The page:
If you work in the news business, you get used to politicians screaming at you. In Maine we have survived nearly eight years of Gov. LePage – who likes to tell audiences that buying a newspaper is like “paying someone to lie to you.”

Since we’re often telling the public things that someone in power wishes weren’t known, we can take pride in the abuse. If they are attacking us, we figure, we must be doing something right.

But the usual sparring has taken a sinister turn lately. We have a president who calls us “disgusting,” “dishonest,” “Fake News” and “the enemy of the people,” using the biggest bullhorn in the history of the world to attack fellow citizens who are trying their best to give people the information they need to make informed choices. He’s not just trying to “win” a news cycle, he’s attacking the institution of the free press itself, diminishing its ability to do its job.


Normally we let our work speak for itself, but these are not normal times. Today, we are taking a moment to defend an institution to which many of us have devoted our lives. Along with roughly 200 newspaper editorial boards around the country, in an effort organized by The Boston Globe, we want our readers to understand what’s at stake.

Today we stand together with our competitors to warn you that a pluralistic democracy can’t survive without a free and independent press, and any powerful person who claims to have “an exclusive” on the truth should not be trusted.


If you visit a newsroom in Maine, you will find people who work long hours for not much money because they believe in a mission.

Our work is a search for the truth, and when we do it well, it’s a crucial element of a system of government that makes an informed citizenry the ultimate authority.

If we fail, power shifts from the people to the hucksters and spin-meisters, who can pass off a self-serving sales pitch as the whole story.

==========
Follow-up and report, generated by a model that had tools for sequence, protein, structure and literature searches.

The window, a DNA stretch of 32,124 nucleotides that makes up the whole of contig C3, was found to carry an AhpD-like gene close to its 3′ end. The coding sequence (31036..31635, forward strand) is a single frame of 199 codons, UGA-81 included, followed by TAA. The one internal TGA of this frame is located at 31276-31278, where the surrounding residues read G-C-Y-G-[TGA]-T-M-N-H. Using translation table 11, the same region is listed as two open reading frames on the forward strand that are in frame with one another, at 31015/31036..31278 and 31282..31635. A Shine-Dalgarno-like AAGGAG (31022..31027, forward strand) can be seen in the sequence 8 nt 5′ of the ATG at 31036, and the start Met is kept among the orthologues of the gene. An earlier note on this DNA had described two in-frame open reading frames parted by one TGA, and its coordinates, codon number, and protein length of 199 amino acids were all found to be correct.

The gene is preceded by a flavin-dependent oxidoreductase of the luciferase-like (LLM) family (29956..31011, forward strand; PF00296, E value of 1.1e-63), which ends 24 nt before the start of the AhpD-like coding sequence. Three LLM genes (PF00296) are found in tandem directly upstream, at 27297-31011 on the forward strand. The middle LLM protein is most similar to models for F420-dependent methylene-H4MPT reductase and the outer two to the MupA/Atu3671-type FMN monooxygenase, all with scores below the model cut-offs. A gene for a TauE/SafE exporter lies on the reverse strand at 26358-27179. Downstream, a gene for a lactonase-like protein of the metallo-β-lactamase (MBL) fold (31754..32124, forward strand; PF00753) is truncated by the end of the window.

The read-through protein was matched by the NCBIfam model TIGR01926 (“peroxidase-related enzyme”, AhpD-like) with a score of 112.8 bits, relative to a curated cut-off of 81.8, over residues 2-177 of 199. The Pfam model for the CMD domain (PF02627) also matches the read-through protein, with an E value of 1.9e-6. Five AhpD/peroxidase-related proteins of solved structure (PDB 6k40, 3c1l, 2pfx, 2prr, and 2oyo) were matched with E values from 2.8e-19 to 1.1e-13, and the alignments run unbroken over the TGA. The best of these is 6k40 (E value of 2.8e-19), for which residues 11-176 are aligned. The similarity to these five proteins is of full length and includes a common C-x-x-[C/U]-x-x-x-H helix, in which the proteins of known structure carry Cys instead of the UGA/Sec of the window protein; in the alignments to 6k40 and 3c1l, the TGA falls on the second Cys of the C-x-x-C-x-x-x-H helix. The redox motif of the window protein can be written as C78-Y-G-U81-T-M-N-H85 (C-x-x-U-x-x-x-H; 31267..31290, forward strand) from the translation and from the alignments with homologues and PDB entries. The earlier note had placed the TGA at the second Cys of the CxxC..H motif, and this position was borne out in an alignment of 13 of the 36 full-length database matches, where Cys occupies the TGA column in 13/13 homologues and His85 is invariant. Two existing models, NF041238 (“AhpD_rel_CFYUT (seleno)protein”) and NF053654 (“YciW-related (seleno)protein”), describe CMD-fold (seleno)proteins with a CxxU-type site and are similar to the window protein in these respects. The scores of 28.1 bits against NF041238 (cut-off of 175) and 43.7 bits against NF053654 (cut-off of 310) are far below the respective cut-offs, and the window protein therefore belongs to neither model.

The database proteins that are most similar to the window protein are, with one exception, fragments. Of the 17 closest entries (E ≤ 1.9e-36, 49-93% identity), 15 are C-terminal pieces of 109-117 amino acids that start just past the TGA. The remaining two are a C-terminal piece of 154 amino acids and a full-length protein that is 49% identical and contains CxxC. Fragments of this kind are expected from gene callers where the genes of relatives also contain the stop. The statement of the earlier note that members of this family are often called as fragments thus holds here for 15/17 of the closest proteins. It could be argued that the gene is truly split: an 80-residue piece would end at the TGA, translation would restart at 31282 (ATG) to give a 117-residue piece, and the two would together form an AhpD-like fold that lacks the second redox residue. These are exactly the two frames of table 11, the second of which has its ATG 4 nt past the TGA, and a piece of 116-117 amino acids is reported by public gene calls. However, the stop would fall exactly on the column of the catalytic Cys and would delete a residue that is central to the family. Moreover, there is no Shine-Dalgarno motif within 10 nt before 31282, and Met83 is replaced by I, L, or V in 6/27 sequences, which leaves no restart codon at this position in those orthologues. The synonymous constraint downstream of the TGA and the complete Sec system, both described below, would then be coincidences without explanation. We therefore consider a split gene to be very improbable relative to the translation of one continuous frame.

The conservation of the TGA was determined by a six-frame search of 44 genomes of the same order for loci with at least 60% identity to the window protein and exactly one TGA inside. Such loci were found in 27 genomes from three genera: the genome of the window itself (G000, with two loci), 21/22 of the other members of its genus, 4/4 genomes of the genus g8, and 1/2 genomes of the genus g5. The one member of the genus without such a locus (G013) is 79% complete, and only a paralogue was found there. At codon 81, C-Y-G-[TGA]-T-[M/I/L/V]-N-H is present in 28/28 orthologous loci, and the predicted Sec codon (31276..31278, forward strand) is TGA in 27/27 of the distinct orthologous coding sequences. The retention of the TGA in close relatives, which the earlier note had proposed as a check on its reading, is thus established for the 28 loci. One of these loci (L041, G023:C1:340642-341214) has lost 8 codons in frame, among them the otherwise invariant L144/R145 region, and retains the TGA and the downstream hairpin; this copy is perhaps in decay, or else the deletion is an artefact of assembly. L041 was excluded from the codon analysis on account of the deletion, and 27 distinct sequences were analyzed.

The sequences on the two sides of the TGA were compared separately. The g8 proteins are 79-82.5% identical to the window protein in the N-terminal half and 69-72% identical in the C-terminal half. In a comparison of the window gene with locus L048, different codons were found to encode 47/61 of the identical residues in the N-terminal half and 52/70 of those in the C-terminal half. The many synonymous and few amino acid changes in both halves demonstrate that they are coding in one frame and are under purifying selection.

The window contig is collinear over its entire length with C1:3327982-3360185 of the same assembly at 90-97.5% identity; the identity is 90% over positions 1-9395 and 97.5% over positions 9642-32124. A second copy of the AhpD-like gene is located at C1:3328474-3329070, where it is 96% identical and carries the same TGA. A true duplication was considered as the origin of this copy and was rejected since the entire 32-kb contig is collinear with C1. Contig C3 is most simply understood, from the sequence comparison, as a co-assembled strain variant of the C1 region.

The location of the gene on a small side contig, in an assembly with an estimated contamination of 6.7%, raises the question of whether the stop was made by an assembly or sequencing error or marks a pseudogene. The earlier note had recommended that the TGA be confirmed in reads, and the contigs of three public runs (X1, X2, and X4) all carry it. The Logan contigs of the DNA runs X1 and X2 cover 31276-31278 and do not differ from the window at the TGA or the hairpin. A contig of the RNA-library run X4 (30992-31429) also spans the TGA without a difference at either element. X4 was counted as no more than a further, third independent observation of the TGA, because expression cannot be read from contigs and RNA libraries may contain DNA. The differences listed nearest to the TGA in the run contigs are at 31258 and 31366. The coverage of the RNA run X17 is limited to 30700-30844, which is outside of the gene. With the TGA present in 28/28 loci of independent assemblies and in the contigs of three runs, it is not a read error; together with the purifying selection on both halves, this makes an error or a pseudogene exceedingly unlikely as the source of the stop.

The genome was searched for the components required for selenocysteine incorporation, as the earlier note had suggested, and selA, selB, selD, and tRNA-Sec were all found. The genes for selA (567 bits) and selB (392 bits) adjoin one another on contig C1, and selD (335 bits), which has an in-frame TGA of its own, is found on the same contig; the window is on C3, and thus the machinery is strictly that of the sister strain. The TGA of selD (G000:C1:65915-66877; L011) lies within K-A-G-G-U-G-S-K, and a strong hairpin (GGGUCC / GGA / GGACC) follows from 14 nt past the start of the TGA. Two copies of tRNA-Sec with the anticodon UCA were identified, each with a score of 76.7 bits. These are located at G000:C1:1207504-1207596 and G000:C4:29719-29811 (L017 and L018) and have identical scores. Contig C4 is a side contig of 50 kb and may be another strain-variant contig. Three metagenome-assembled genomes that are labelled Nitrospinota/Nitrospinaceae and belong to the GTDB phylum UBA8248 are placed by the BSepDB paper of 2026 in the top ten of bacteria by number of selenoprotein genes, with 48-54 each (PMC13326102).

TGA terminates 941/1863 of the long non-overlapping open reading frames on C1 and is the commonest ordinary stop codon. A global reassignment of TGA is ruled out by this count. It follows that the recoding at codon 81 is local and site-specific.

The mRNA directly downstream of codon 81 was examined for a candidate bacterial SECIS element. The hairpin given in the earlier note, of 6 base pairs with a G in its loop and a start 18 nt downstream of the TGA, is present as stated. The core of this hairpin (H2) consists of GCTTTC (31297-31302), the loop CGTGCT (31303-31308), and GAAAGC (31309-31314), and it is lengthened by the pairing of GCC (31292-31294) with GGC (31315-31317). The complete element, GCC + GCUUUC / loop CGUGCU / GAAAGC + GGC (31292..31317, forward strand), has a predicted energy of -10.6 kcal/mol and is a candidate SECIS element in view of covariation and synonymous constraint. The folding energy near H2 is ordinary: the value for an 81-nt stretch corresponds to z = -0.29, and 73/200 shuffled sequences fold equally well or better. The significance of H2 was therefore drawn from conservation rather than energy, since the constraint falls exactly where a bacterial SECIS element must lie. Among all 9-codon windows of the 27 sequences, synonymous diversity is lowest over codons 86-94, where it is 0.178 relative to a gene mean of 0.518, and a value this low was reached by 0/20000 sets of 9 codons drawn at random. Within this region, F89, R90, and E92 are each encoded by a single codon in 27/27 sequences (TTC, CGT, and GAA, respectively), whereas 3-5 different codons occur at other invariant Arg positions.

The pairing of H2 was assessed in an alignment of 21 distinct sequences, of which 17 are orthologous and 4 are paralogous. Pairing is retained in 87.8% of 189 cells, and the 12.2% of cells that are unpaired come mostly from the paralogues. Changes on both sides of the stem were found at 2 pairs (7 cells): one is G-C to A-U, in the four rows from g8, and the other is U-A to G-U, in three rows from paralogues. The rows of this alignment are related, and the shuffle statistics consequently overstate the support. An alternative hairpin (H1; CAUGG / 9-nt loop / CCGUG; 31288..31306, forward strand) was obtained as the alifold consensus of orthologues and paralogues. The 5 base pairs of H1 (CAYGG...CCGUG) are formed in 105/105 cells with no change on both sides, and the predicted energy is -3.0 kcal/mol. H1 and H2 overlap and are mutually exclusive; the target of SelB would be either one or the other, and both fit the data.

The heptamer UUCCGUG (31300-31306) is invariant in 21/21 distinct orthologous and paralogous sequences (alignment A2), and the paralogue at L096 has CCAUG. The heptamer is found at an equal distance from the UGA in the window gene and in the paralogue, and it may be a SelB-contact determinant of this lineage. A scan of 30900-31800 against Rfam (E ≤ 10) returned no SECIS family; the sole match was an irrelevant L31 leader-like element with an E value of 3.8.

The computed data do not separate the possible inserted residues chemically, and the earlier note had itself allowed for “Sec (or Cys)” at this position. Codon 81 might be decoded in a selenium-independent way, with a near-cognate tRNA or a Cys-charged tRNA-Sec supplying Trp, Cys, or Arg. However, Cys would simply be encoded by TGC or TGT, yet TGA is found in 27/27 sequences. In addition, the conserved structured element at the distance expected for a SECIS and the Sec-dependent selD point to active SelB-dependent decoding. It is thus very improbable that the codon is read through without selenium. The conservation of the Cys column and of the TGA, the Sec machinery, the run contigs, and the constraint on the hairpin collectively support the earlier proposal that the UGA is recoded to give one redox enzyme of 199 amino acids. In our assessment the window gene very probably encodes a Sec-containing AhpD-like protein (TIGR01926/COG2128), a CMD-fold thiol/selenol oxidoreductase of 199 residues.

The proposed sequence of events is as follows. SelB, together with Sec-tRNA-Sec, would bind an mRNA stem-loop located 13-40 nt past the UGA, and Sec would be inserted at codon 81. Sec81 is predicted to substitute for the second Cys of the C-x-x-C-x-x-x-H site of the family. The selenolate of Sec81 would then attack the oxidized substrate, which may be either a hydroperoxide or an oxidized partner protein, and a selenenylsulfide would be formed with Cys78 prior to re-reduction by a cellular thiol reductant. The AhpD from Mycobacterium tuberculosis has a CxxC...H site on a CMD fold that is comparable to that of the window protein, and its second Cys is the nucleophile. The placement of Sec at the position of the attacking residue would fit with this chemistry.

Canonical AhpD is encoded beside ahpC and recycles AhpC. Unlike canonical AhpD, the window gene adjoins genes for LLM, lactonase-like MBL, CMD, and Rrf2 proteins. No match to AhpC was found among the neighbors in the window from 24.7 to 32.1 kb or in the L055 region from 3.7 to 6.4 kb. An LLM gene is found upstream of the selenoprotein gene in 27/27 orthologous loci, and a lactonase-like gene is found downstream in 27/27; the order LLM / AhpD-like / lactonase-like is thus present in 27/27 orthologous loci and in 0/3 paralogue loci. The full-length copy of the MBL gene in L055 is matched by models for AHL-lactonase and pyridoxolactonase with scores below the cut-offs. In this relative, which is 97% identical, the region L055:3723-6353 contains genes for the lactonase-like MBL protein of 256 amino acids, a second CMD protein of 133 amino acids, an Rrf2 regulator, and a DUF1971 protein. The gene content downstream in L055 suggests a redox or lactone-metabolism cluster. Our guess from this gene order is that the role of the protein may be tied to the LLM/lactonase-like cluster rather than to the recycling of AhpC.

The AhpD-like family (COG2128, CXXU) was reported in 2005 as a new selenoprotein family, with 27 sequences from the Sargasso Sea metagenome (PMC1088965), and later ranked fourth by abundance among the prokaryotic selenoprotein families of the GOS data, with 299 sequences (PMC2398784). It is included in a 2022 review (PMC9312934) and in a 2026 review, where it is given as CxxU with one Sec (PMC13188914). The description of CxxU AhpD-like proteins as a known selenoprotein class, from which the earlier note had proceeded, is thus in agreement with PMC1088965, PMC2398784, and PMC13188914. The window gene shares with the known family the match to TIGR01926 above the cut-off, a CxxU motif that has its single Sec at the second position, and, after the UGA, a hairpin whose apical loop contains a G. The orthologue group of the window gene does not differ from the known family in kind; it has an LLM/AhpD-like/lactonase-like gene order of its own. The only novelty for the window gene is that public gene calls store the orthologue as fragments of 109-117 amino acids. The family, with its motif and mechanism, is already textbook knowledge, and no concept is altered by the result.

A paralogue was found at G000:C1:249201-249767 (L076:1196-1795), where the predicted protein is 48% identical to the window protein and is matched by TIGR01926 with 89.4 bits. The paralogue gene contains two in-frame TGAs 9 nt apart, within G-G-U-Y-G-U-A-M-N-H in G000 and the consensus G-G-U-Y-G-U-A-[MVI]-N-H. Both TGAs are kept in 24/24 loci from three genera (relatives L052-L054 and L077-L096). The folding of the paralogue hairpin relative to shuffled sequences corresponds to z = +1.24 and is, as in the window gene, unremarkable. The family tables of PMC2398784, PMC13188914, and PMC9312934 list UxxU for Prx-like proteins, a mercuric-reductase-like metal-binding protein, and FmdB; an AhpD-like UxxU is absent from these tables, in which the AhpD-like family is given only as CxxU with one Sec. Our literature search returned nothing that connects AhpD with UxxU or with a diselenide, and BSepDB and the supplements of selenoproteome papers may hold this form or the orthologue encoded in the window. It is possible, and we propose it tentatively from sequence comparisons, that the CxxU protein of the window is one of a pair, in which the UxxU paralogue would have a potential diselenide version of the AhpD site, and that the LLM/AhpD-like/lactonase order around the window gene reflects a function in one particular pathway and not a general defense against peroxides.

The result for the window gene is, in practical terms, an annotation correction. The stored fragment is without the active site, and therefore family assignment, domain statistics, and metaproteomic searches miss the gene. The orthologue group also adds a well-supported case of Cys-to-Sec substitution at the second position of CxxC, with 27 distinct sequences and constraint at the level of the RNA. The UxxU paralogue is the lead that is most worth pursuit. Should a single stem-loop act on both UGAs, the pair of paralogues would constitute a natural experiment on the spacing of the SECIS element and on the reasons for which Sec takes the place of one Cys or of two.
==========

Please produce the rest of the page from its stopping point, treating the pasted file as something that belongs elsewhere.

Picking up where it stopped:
You can hope that they won’t do anything worse than rob you. But history is full of examples of what happens when you mix secrecy and unchecked power. Fighting this fight would be a big responsibility for any business, let alone one that has seen as much financial turmoil as ours. We think you should know, however, that it’s one that we take very seriously.

Journalists believe that the best way to find the truth is by posing the right questions to the right people and checking their answers against other sources. A great piece of journalism can be thrilling to read, but it can also be frustrating. It can make you lose respect for one of your heroes or doubt something that you desperately wanted to be true. It’s our job to tell people things they may not want to hear.



There’s a reason that freedom of the press is guaranteed by the Constitution, and it’s not because journalists are perfect.

We make mistakes, just like everyone else. We can be influenced by biases that we may not have even known we had. Sometimes, we just plain miss a story.

But when we misstate a fact, we correct it. When someone disagrees with our interpretation of events, we give them space to tell another side of the story. As new facts emerge, we’ll revisit our work and retell the story in a way that reflects a fuller understanding of what happened.

We are devoted to a process that puts the truth of the matter ahead of who wins and who loses. That doesn’t always make us popular, but it is one of the few bulwarks standing between freedom and tyranny.

And in an uncertain world, this embattled industry might be the best defense you’ve got.

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